In the lawsuit against Fermont publishing company, we actually managed to reach an agreement, in order to begin publishing a legitimate gaming magazine. At the time, in Italy, there was basically nothing in print form that would be strictly dedicated to gaming, the company clearly needed some kind of advertising space to reach the customers. So I decided to take matters into my hands and get the Zzap! license from Newsfield in the UK and bring over the magazine to Italy, thanks to Roberto Ferri of the Fermont company. I would later also do the same for The Games Machine.
What about the lawsuit against Ital Video? The “legitimate” company of Mario Arioti, of Armati pirate cassettes?
That was a much more complex issue. Basically, Arioti first came to us, proposing that he would make pirated copies of our games and we could split the revenues. Naturally I could not agree to that, I could not even if I would, so instead I tried to make a different agreement: we would buy licenses of games released in the UK and together we would legitimate copies produced by Ital Video. He soon started complaining that he could not compete against the pirates in this way, since they had a much bigger selection, so he backed out after a few months. Then I discovered that Ital Video had actually started duplicating our games and selling them on the market as their own, with a low-quality cover art reproduction and a fake barcode to boot. We tried suing them but, again, the law did not help us and the court dismissed the case outright without even looking at the samples we provided (June 1989, -ed’s note). Ital Video then countersued and, almost thirty years later, actually won and I was forced to pay them damages…
While Leader was the main publisher in the 80s, in the early 90s another challenger would soon come up: C.T. O. founded by Marco Madrigali. While they mainly represented Electronic Arts in the 80s, in the 90s they would get another important player: Lucasarts. But I do know that Lucasarts games (via US Gold) were previously distributed by Leader, what happened?
Curiously enough, Lucasarts had two commercial agents in Italy. By the end of 1989, we had already begun working on the localization and packaging of Loom, but the translation was coming along very slowly. Already, we have had problems with the localization of Zak McKracken, which many people still remember as being – let’s say – far from perfect. In the end, they were supposed to hand it in by the end of November, but by January 1990 we still had no deadline nor they had sent us anything, and they were being very evasive about it. We could not tolerate this any longer, so I decided to write directly to their boss to voice my unhappiness and, instead of replying, he decided to drop Leader and bring Lucasarts to C.T.O. I guess the two agents had his full trust! (the event actually caused Loom to suffer an untimely death on the Italian market, never being officially distributed – ed’s note)
For someone with a clear vision who helped create the video game market in Italy, what would you say are the main differences between the Italian and a much bigger market, like the one in the UK?
Some games that would actually enjoy good success in the UK, could end up being mostly ignored in Italy. A great example would be the wrestling genre, which was all but ignored in the Eighties, and would then go on to enjoy a brief period of popularity in Italy. Then, after 1995, wrestling went back to being ignored. Even compared to the UK, the average Italian user has always been much more interested in home computers, they are a much more “specialized” kind of gamer. There was no real “casual gaming” in Italy either, at least not until the Nintendo Wii debuted. Also, regarding the eighties, if we managed to sell 10k copies of a game, that would have been the best seller of the year, for sure. But there were also exceptions, like for example Geoff Crammond’s Grand Prix 2 which managed to sell an astounding 50k.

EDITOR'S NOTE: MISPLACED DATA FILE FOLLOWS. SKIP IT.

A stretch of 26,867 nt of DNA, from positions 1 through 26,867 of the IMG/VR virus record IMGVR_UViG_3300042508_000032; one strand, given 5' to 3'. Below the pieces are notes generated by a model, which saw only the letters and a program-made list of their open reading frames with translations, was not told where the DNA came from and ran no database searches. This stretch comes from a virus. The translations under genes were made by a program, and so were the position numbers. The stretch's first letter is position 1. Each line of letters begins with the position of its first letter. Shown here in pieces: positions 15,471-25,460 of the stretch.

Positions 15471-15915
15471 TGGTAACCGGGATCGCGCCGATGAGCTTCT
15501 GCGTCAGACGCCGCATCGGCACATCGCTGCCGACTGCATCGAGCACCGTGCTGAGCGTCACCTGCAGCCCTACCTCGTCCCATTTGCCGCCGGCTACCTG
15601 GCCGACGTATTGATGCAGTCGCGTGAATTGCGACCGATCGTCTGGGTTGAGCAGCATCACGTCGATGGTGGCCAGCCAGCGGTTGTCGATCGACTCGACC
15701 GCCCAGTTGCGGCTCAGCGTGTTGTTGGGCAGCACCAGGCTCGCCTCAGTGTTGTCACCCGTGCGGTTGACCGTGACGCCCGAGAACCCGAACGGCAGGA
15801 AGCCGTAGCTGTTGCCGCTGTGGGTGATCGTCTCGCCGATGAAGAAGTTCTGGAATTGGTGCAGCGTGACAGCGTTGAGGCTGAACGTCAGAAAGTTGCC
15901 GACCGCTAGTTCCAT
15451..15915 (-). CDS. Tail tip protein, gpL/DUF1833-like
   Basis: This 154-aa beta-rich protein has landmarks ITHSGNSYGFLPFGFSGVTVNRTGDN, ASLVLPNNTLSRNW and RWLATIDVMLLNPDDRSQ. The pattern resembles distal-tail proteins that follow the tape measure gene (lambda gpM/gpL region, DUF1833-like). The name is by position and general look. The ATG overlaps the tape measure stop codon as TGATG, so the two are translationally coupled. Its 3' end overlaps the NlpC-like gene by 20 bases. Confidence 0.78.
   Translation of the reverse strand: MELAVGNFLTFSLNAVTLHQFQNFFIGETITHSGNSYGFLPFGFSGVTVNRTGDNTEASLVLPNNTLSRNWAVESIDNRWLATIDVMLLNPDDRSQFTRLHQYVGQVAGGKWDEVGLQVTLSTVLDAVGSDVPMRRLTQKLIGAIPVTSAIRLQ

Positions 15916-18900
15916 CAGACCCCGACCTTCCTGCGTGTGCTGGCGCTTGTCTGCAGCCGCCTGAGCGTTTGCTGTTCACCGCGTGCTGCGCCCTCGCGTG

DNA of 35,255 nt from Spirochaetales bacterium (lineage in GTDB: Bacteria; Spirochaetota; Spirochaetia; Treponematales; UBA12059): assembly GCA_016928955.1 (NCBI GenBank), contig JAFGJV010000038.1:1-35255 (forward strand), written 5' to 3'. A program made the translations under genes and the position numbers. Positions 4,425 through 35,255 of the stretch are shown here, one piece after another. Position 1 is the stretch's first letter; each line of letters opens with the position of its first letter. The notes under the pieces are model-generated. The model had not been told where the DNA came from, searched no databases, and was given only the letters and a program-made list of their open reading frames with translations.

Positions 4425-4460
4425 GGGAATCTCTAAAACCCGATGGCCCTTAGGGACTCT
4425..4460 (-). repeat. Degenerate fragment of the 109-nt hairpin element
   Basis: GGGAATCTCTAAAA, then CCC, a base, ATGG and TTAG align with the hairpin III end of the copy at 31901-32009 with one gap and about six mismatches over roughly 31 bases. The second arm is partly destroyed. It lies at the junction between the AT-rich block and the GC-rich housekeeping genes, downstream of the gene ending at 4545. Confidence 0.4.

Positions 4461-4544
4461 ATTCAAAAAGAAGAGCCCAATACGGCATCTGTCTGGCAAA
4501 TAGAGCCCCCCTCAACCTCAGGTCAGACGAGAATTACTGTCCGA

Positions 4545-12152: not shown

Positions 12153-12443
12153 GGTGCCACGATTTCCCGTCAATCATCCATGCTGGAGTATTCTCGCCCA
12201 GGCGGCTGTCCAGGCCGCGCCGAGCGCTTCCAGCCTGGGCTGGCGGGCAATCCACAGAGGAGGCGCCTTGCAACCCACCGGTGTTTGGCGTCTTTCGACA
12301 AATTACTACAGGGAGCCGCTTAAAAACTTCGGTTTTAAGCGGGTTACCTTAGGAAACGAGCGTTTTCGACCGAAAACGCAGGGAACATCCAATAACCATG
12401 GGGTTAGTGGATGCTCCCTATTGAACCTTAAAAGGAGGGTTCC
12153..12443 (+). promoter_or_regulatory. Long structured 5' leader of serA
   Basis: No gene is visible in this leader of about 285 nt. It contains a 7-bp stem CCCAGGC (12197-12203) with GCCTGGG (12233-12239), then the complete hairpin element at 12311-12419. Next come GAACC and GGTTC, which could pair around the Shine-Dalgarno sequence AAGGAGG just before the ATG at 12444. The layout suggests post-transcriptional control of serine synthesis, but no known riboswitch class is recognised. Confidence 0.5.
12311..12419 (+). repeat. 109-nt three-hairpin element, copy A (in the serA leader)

As mentioned in the article on Nintendo’s marketing in Italy, Leader also distributed some titles for the NES, and later, also on Gameboy. What was going on with Mattel at the time?
Well, with the success of 8-bit consoles, we as publishers of titles were working only on home computers, thus were basically cut off from that console market. Nintendo was running a monopoly together with Mattel, while Sega was doing the same with Giochi Preziosi. At one point, in 1991, I remember I was approached by someone from the UK studio Mindscape who told me that they were not being allowed, by Mattel, to sell their NES games. So, they asked us to try and get them on the market, and we decided to give it a try. But things would not last for long beyond 1992, especially because Mattel was trying to blacklist us with all the toys shops (which was a market we had no experience in) by badmouthing Mindscape: their titles were bad and they should not carry them. With Mega Drive things went a bit better, and we did carry some of Electronic Arts titles late in the life of the 16-bit console, like EA Sports titles (Fifa 96).
Finally, Leader also had a hand in creating an important software house, Idea Software, which would later lead – by the way of his CEO Antonio Farina – to the creation of Graffiti/Milestone.
Yes indeed, I met Antonio Farina at a fair, liked his way of doing things and got him on board to work with my other company, Software Copyright, which was actually originally created for the Ital Video publishing agreement. While the games were being developed with the name Idea Software, it was still Software Copyright the company behind them. Idea would develop several important titles during their first years, up until 1993, some of them were also exported to the US, like Clik Clak. (it was released in the US as Gearworks, the only title developed in Italy to have been released for both a Sega and Nintendo console, the Game Gear and Game Boy – ed’s note)